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Sifting air rules

ONE part of the proposed changes in federal clean air standards deservedly is winning applause. But there are two reasons why other aspects of the changes are cause for concern.

The changes in the public health aspect of clean air standards were proposed over the weekend by William Ruckelshaus, administrator of the Environmental Protection Agency. No decision will be reached for several months, while all sides have the opportunity to comment on the proposals.

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Even then, if the past is a guide, there could be several years of court suits before it is certain whether the new standards will be judged legal.

What is being generally applauded is the proposed change from measuring particles of all sizes in the air to concentrating on the very small ones, with a diameter much less than that of a human hair. Environmentalists are pleased with this change, noting that many scientists conclude small particles, not large ones, constitute a possible threat to health. In addition, removing the strict standard on large particles would ease a cleanup burden now seen as unnecessary for some industries, such as mining firms, which produce relatively large particles, but not small ones.

However, there is concern that, after all public comment is complete, the EPA could decide to weaken the public health standards, a move that environmentalists would consider unwise. Rather than offer a specific standard for the smaller particles at this time, Mr. Ruckelshaus at the moment has proposed a sliding scale, from which the precise standard later will be selected. This scale ranges from, at the stricter end, an approximate continuation of the current level of stringency, to a considerable relaxing of that standard.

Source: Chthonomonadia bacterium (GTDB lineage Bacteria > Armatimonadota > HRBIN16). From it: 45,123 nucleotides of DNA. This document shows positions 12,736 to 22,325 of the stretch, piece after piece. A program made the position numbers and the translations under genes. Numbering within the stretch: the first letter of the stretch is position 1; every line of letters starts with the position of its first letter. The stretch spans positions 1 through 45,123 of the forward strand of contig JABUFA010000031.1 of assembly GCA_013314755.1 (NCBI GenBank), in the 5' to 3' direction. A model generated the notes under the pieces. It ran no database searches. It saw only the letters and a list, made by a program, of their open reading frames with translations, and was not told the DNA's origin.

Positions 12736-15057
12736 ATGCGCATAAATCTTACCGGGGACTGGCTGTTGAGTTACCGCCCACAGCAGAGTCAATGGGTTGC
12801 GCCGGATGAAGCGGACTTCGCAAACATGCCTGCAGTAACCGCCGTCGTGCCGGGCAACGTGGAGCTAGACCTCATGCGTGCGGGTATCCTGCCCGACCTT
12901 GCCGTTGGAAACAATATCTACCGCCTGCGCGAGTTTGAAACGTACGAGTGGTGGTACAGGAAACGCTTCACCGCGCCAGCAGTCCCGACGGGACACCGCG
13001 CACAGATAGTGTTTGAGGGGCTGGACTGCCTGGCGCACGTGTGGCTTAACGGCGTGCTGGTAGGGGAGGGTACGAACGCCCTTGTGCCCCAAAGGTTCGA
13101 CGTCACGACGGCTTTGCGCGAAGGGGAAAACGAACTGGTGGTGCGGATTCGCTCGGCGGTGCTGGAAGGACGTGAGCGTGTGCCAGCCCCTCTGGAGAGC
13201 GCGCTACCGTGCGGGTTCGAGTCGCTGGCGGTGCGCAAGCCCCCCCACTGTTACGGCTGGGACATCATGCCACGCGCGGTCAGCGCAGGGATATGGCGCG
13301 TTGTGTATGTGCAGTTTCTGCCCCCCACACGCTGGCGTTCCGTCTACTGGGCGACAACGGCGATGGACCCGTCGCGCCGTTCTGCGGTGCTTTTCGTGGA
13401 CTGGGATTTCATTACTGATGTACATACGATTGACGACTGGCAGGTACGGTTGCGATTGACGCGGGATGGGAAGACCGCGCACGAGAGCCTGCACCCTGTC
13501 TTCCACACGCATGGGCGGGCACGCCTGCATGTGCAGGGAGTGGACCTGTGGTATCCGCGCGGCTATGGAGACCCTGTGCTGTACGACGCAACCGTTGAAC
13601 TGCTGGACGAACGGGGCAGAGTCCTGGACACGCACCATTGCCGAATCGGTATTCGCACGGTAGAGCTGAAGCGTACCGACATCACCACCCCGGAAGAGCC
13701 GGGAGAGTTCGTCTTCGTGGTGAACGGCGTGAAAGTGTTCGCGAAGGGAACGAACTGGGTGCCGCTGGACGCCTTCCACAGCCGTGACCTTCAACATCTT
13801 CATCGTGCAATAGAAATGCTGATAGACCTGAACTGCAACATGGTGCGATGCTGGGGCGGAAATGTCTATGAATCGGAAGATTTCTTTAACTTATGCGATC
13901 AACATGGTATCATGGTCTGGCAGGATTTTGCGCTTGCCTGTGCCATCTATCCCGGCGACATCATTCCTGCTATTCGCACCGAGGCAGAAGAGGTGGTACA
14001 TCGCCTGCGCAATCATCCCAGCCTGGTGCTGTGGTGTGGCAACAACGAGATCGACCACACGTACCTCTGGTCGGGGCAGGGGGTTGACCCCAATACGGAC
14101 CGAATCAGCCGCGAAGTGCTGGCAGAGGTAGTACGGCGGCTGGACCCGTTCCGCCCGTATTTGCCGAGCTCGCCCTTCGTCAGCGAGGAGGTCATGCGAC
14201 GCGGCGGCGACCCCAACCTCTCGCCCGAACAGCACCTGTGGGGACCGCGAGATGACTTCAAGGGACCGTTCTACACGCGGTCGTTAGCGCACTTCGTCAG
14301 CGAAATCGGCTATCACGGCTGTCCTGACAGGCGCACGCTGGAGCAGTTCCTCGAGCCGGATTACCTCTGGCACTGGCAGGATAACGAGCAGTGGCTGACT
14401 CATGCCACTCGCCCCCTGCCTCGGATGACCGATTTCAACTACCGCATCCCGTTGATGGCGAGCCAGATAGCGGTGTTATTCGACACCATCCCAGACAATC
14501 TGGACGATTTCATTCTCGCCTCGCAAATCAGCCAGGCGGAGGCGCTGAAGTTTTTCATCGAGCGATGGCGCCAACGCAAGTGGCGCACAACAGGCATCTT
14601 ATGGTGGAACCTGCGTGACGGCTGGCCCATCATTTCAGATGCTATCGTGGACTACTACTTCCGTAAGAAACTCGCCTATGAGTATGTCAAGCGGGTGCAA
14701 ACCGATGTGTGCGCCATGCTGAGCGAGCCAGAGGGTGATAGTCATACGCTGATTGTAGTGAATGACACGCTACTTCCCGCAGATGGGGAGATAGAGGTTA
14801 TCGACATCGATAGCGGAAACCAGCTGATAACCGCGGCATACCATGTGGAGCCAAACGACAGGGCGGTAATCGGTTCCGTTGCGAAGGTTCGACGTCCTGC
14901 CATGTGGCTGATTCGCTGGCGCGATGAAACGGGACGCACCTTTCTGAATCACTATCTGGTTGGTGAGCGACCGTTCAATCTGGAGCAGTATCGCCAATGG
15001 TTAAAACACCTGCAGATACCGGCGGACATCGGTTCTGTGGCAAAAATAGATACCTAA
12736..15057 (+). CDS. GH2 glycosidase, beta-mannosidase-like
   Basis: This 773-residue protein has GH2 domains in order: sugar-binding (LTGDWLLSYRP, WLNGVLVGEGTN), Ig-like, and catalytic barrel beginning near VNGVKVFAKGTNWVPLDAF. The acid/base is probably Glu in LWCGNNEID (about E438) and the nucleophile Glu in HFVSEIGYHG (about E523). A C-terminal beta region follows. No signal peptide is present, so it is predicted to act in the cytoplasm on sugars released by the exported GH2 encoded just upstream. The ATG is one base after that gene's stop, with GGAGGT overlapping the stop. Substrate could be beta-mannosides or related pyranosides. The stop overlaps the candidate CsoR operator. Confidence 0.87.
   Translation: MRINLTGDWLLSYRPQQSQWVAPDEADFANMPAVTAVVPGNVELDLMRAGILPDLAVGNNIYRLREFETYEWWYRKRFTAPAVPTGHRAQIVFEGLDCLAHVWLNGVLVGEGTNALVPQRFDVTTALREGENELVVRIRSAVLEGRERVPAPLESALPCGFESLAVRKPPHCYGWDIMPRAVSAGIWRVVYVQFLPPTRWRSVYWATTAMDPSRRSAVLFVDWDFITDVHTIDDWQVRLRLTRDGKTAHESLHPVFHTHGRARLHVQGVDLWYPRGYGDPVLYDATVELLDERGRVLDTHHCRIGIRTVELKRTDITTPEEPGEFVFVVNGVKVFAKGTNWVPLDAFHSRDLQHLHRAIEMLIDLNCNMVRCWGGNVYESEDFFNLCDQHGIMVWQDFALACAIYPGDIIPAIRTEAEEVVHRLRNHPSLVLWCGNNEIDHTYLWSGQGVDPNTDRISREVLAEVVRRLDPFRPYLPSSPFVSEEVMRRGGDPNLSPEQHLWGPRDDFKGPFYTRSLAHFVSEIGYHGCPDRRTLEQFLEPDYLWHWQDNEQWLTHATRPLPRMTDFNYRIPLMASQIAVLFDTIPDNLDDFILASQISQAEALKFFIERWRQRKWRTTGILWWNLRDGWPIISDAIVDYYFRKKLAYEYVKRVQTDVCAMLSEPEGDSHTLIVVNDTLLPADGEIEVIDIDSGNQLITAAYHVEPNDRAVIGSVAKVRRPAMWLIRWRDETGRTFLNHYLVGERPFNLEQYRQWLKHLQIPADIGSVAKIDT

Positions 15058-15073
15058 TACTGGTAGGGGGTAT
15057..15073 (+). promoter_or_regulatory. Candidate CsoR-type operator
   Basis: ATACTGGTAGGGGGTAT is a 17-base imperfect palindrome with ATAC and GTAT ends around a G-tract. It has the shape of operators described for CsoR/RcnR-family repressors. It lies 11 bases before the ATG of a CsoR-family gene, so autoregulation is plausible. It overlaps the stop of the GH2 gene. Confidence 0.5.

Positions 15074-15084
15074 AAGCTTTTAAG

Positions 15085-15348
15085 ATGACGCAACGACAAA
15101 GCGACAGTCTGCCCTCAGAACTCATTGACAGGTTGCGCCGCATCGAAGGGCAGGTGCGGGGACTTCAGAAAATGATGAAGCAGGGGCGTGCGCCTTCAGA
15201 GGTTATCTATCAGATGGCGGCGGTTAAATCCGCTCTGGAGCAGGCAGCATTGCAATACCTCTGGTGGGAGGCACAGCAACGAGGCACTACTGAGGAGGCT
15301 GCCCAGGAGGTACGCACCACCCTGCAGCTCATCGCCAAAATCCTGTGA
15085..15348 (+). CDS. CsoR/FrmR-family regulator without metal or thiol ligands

At the weekend Mr. Ruckelshaus said he was ''leaning'' toward coming down on the stiffer end of that scale; there is no certainty that this will be the final decision.

There is one other area of concern - that there may be no effective federal health standard for the amount of particles for several years, until the new standard becomes fully operational.

Keeping existing standards on all airborne particles should be considered until the new standard not only is decided upon, but also has met all court challenges - and until states have come up with their own regulations for putting it into effect.

As things now stand, once the EPA decides on a new standard the old one will cease to have effect. As a consequence there could be an effective hiatus in health standards of four to five years while the legal testing proceeds.

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